February 5, 2017

FIBA board recommends change in "No Headgear" policy which affected Indian basketball players

Three years ago, two Indian basketball players - Amritpal Singh and Amjyot Singh - were denied playing against Japan on the opening night of the 2014 FIBA Asia Cup in Wuhan until the two players of Sikh origin removed their turbans. The FIBA officials at this event were only carrying out the international basketball committee's Article 4.4.2, the "No Headgear" rule, which doesn't allow players wearing headgear such as turbans, hijab, kippah, etc. in their official basketball events. Going against their strict religious and cultural traditions, Amritpal and Amjyot took their turbans off to enter the game eventually that night. Later, to avoid further distractions, the two talented stars cut off their long hair altogether.

It was a controversial moment in international basketball, and soon, voices rose in protest the 'No Headgear in India and around the world, until FIBA announced their decision to review this policy, before eventually, choosing to delay a permanent decision in their Central Board meeting in September 2014.

It seems that now, finally, the association has taken a sure step in the right direction. The FIBA's central board announced it supports a change in the 'No Headgear' policy in international competition. The board's recommendation will be considered when FIBA's mid-term Congress meets in May.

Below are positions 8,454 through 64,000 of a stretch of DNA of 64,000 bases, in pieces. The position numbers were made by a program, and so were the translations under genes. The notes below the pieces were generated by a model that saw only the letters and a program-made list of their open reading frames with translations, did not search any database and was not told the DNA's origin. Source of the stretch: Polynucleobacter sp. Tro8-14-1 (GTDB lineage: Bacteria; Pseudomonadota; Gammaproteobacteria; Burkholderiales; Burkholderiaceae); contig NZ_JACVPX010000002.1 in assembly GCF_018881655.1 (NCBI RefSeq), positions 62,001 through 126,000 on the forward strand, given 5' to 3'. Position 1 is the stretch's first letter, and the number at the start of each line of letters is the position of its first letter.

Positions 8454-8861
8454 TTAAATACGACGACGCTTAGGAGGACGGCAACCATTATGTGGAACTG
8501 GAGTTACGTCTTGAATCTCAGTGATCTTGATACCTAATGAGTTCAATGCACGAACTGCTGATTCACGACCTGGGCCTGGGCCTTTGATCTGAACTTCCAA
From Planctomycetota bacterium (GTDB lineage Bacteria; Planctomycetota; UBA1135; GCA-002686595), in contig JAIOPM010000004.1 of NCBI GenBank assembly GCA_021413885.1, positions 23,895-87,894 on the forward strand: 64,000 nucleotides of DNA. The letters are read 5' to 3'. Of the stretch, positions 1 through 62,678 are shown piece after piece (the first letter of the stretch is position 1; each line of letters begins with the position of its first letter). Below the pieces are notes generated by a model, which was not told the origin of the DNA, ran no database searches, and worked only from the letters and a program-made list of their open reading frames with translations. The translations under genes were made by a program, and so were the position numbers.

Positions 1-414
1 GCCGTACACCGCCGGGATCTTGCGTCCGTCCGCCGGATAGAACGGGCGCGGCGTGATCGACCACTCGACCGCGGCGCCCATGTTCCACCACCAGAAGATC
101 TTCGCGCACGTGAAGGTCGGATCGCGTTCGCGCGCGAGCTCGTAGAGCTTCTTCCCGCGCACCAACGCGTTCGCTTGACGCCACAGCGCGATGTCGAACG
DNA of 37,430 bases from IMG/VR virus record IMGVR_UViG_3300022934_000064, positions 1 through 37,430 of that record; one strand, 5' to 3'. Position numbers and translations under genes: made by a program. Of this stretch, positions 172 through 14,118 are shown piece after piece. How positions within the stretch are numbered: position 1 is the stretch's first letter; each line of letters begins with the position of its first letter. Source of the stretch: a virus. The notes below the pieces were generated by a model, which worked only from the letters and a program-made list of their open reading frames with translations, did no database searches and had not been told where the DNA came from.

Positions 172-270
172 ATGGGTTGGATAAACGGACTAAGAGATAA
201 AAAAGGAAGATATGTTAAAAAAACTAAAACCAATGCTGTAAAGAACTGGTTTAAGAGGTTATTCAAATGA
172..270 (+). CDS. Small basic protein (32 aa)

Following a meeting of FIBA's Central Board in Switzerland on January 27-28, FIBA said: "After initiating a revision process of the headgear rule (Article 4.4.2) of the Official Basketball Rules in September 2014, the Board received a report on the impact of the exceptions applied on a domestic level during a two-year period. It (the board) favoured a modification of the rule and issued a mandate for the Technical Commission to come forward with a proposal that would allow headgear to be worn safely by athletes. This will be presented to the Mid-Term Congress in May."

Two top American lawmakers who have fought FIBA against this ban have welcomed the move towards ending its "discriminatory" policy. "We're thrilled that the board has endorsed a change that, if adopted, will let Sikhs and other athletes who wear articles of faith play," Joe Crowley and Ami Bera said in a joint statement.

If this policy is removed, it would be a huge boon for Sikh players who had to make a choice between tradition and sport when facing this dilemma. It will also be a huge respite to Muslim players who prefer to play in a hijab - such as Bilqis Abdul-Qaadir, whose story was featured in UNINTERRUPTED's documentary 'FIBA Allow Hijab'.

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